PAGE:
It is commonly accepted that occupants have a significant influence on the variation in residential heating consumption. However, the scale of that influence lacks empirical investigation. The aim of this study was to distinguish which part of the variance in actual residential heating consumption can be attributed to the occupants, and which part to the building itself. This was achieved by applying and extending a method suggested by Sonderegger in 1978, using updated and significantly improved data from two different countries: the Netherlands and Denmark. These data contain different types of heating supply systems (district heating and natural gas) and different housing forms (multi and single-family social housing, and private detached single-family houses). For the studied databases, the results indicate that approximately 50% of the variance in heating consumption between houses can be explained by differences related to occupants. The other 50% can be explained by the characteristics of the building itself and other physical parameters, which are often not taken into account in simulation models of heat transmission within buildings. Additional analyses indicate that the relative influence of occupants on heating consumption differs depending on the building characteristics of the dwelling. For example, the influence of occupants is larger when the building is more energy efficient. Based on the research results, it can be concluded that it is unrealistic to aim for a building simulation model that perfectly projects residential heating consumption for individual cases. However, creating building simulation models and occupant consumption profiles that accurately represent average residential heating consumption should be possible.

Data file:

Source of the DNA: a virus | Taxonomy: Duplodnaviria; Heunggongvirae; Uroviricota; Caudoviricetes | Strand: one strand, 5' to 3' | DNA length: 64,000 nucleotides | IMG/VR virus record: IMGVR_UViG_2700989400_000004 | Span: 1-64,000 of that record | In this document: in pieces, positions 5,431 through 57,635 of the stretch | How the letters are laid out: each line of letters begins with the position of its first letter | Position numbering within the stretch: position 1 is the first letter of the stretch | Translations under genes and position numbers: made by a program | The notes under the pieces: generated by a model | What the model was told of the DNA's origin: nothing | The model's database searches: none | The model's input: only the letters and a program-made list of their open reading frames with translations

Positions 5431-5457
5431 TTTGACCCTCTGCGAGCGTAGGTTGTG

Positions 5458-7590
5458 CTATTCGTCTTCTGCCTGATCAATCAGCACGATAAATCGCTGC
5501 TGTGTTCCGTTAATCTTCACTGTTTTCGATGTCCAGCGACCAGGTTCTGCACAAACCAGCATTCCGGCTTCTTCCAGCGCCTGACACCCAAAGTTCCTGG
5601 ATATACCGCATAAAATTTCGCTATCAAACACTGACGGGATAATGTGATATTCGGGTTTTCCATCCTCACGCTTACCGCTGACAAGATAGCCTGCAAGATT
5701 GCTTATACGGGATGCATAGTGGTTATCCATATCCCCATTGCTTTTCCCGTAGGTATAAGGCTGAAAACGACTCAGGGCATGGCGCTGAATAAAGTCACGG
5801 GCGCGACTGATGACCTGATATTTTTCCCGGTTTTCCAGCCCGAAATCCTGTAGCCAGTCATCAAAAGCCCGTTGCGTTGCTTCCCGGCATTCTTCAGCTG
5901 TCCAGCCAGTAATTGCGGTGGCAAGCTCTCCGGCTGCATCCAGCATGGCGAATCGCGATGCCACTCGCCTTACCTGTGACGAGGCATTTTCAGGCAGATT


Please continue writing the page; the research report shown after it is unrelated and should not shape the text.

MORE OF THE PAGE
Bibliographical noteCorrigendum: https://doi.org/10.1016/j.apenergy.2020.114714
- Actual energy consumption
- Building energy simulation
- Residential building
- Space heating